Tomorrow I’m giving a talk at the eMetrics summit in San Francisco. A search marketing perspective can often seem “refreshing” in the context of the discipline of marketing in general; it even seems to go against the grain a bit. I’ll be telling the eMetrics audience a bit about how I use core stats in paid search to iterate much more rapidly than most analysts are used to. In other words, I won’t be talking about the fancy stuff you get from analytics reports, but the bread-and-butter stuff, like CTR and even initial Quality Scores (yes, that’s a statistic!).

The majority of data analysts look for patterns after the fact, gathering information from large volume corporate campaigns and developing strategies in response to research. While the hunger for more rapid iteration is starting to trickle into many larger companies’ web strategies, the lightning-iterative environment of paid search seems hectic and loosey-goosey by comparison. We are the proverbial street-smart Fat Tony (or Joey Metallica) by contrast with straight-laced Banker John, who believes in data almost to a fault.

In the SEM field, a debate continues as to how much automation we should be using, and how much human interpretation is necessary. It’s an important debate, because with all of that rapid iteration, the majority of human analysts are far worse performers than computers. But not all are. And computers are still notoriously poor at theory-building and inferences in complex environments… at least the computers that use the pea-shooter algorithms developed by lone developers or small teams at small software companies.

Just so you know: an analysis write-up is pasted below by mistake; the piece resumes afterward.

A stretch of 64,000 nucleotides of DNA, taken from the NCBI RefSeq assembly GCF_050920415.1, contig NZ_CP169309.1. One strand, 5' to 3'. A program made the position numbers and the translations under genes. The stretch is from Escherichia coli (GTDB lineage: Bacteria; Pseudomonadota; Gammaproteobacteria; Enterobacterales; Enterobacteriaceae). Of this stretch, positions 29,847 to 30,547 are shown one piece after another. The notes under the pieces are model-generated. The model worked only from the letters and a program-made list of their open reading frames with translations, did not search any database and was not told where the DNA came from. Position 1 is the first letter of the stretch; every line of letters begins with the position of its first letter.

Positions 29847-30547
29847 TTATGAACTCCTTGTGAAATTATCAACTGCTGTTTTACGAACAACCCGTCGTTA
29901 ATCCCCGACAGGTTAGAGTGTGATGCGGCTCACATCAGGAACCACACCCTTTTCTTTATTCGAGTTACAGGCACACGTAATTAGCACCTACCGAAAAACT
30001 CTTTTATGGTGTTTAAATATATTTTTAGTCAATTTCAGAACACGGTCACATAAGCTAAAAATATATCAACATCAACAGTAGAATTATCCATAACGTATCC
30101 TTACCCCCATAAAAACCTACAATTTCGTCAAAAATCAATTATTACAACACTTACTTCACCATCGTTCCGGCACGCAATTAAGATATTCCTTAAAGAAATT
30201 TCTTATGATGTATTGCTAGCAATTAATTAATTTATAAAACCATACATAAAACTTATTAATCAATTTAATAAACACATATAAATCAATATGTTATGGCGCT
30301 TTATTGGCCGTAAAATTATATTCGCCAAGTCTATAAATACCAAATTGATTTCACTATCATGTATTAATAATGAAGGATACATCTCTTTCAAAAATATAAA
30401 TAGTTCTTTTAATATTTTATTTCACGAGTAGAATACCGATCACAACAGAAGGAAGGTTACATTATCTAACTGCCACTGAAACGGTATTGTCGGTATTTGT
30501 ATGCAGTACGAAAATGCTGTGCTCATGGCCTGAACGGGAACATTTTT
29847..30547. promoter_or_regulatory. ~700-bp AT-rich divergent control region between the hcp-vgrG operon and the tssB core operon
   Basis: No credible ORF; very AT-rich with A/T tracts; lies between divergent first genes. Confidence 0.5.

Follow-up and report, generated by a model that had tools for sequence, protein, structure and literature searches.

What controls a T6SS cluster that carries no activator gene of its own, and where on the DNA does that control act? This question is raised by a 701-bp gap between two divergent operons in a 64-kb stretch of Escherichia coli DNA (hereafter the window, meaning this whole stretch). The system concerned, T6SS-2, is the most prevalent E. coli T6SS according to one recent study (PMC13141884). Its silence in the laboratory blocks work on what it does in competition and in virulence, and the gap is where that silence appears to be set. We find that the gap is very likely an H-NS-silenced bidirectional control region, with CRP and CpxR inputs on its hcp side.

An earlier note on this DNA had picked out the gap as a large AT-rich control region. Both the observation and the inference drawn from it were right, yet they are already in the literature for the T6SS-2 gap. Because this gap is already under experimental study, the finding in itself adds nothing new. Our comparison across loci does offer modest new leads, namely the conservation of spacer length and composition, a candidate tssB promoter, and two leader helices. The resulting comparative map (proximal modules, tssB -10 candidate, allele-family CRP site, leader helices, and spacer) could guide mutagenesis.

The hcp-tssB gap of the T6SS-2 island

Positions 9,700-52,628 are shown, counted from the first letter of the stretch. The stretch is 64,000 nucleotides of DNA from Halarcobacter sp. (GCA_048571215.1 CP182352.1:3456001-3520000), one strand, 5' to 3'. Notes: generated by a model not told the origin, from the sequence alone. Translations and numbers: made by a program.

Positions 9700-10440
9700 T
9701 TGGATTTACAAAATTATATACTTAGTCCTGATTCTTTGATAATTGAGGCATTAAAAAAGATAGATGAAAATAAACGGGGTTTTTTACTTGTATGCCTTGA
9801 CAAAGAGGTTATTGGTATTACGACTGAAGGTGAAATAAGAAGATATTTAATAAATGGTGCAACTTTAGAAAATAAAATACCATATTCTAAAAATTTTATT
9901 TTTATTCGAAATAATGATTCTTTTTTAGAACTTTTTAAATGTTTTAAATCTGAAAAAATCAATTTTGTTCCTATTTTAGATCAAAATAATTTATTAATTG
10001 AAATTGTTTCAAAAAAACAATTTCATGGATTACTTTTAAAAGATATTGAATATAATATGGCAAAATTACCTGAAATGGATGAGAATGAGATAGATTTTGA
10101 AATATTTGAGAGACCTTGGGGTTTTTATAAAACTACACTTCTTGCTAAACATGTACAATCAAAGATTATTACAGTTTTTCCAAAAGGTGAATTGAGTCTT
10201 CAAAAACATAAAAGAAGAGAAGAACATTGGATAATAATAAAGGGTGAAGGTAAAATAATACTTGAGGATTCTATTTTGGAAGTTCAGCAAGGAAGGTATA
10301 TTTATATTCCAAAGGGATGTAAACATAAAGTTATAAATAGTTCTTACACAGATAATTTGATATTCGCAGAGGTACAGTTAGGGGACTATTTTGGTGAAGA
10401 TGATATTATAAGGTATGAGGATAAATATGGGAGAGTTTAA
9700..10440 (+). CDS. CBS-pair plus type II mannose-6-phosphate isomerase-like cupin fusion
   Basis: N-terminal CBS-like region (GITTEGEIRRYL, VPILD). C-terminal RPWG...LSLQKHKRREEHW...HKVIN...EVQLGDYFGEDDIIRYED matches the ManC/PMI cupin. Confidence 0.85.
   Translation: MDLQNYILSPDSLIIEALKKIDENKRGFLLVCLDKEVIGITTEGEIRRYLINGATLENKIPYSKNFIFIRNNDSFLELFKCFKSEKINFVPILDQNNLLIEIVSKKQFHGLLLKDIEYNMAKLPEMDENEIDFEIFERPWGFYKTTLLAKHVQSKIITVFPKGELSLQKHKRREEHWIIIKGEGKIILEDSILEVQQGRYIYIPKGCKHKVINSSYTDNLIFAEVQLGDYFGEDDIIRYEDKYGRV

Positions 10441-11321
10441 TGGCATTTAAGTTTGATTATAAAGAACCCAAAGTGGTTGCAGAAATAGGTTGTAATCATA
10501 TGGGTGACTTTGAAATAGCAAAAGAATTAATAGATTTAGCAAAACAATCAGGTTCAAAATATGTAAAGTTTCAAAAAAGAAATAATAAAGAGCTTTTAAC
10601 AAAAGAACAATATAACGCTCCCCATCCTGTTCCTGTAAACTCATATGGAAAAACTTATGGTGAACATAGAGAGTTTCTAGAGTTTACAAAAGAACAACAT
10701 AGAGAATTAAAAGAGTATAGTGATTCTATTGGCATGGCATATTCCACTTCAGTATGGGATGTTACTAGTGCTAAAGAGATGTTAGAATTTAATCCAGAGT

Recall that Google actually has amazing computing power and highly intelligent algorithms. In that environment a human analyst can leverage Google’s power, for free, and do very well.

In such an environment, we know that new campaigns are under the gun, facing a potential cold shoulder from Google’s quality score algorithm. You must be relevant from the start, gain high CTR’s on your ads (all else being equal) in the early going, or face higher costs and even a spiral of failure.

Three classic techniques can get you to better ad copy more quickly, without brute force testing of many variations. By “better,” I mean higher CTR. We’ll need to make Google happy in the early going to build up quality signals that will give you an account-wide benefit. Later, you can drill down more carefully on ROI related measures.

Dynamic keyword insertion in title. The first technique is fairly simple. Unless you know better from the beginning, try dynamic keyword insertion in title, but still try to pay attention to decent alternate text in cases where the matching won’t work. Yes, I generally warn clients not to overuse dynamic keyword insertion because it ups CTR’s too much without an ROI benefit in many cases. But to start, it’s helpful to have it in your arsenal. The basic theory is we don’t know what people are thinking yet, but we do know they’ll click on a title that matches their query.